Interesting Quote

August 20, 2009

Right listening is the beginning of right living.


Do you think this is true?  Why or why not?


Philosophical Reflections…

February 3, 2009

I am currently reading through David K. Clark’s To Know and Love God, which is an excellent primer on Theological Method (an area too much neglected in Evangelicalism).   Besides being one of the best books I have read in quite a long time, it also has tons of great quotes, one of which I share with you now:

Total relativism is incoherent.  Once it is judged impossible to assert anything as true, nothing, not even relativism, can be stated in language….The only honest alternative to accepting the notion of objective truth is silence” (pg 148 Clark).

This quote brings out a crucial point for anyone involved in the debate between those who hold that (a) Truth is knowable (to some degree), or (b) Truth (defined broadly as the connection between statements and reality) does not exist or is totally relative.  The point is that language is necessarily connected to something other than its utterance.  The minute I say that “I ate double chocolate fudge ice cream yesterday,” I have stated something which is either true or not.  Either, it is true that I did eat this delectable dairy treat, or it is not.  One might say something which does not initially seem to make any contact with reality, such as, “I rode a unicorn yesterday.”  Indeed, presumably noone has ever ridden a unicorn.  Thus, it would seem reasonable to assert that the statement does not connect to anything in reality.  This state of affairs, then, is precisely what would allow us to conclude that it is a false statement.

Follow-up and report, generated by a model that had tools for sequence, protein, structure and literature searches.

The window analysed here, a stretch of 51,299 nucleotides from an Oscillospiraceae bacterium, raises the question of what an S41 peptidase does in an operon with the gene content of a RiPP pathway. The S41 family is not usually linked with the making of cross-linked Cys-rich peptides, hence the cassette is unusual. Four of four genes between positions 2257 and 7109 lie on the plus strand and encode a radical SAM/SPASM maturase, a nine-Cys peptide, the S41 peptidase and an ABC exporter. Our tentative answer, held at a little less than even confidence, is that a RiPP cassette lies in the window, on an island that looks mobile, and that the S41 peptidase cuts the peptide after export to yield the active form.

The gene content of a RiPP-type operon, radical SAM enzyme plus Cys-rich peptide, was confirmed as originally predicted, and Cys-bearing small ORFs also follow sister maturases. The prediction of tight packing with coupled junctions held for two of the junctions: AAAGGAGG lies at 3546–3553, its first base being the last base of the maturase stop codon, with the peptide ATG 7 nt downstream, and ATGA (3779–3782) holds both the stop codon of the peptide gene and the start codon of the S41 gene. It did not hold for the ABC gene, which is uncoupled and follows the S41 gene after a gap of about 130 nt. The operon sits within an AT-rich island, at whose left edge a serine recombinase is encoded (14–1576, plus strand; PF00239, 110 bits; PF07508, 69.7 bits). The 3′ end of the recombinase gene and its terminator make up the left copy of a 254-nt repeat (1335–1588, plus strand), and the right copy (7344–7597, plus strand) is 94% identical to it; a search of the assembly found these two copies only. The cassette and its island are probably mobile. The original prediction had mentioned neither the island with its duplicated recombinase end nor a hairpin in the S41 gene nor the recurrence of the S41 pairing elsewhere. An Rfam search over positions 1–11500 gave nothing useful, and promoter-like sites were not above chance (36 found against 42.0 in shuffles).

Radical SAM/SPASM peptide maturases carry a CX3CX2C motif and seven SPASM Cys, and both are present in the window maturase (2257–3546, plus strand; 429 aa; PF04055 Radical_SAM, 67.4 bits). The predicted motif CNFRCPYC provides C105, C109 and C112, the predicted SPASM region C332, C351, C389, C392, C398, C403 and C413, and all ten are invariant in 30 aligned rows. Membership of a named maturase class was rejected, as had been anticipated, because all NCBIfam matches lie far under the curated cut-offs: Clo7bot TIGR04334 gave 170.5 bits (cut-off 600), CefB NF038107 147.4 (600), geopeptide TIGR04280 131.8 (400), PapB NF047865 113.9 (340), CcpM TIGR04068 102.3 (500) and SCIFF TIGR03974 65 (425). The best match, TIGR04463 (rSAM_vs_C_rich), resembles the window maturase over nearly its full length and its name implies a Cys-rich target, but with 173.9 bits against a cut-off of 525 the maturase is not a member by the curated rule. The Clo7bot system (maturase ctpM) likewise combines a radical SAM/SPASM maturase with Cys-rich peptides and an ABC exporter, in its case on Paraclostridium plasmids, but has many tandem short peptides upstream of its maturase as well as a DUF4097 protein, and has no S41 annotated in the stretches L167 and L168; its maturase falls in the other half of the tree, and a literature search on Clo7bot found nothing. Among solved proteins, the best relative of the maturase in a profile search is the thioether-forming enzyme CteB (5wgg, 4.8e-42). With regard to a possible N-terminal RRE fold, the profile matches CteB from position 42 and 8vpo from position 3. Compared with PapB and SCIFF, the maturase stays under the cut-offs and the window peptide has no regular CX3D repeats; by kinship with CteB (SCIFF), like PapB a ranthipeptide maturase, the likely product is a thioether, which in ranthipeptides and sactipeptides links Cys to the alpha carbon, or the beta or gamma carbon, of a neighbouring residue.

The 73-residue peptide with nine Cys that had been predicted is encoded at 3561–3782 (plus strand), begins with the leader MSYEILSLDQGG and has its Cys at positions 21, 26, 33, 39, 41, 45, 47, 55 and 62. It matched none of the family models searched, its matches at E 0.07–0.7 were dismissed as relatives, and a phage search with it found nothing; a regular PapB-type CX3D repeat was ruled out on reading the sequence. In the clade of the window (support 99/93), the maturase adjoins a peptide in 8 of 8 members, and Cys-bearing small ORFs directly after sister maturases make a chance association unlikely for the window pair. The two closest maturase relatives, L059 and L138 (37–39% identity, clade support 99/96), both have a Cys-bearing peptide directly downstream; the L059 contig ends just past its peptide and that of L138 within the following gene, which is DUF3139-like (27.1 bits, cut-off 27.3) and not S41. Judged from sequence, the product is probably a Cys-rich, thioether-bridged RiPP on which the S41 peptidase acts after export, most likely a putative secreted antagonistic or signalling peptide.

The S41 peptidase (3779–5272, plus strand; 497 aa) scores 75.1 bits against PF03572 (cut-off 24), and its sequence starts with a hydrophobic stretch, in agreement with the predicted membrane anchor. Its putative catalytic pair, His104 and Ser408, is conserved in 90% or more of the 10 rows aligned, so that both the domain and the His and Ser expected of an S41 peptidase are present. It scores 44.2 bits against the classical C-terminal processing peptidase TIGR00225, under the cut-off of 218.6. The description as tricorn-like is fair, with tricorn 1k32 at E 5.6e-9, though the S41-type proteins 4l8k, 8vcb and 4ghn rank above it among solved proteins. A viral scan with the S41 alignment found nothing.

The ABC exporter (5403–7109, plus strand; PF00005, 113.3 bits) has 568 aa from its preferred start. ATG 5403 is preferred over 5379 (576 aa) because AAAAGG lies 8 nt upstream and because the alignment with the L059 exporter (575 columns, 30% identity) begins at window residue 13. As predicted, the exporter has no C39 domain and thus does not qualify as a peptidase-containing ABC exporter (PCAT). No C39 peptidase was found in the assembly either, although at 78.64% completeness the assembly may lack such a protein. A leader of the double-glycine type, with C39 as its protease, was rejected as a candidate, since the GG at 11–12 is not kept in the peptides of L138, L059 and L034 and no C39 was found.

One might object to the quote above, which would cause me to ask a few questions:

1) Why is it not true that silence is the consistent option for the relativist?

2) What is it that you are proving if you demonstrate that the above statement is false?

3) How is it that you are able to communicate to me through written words which communicate something fixed to me?

On another note, I greatly appreciate the tempered commitment to modernistic principles.  By tempered I mean that Clark is willing to agree that Modernism has its real problems.  Postmodernism has brought some needed and helpful criticisms of modernism to the table. 

Consider the following quote from the book:

The real consquence of the Elightenment, ” wrote Hans-Georg Gadamer, was ” the subjection of all authority to reason.”  The Enlightenment gospel went like this: the human individual, liberated from external authority, appealing to autonomous human reason, can discover absolute truth which, implemented through rational planning emphasizing standardization and science, leads to social progress.

Yet, as the modernistic project unfolded we saw that, while we had many technological advances, the human condition didn’t seem to improve, and in many ways it only got worse.  The modernist project was guilty of intellectual pelagianism.  Yet, Postmodernism isn’t the best alternative.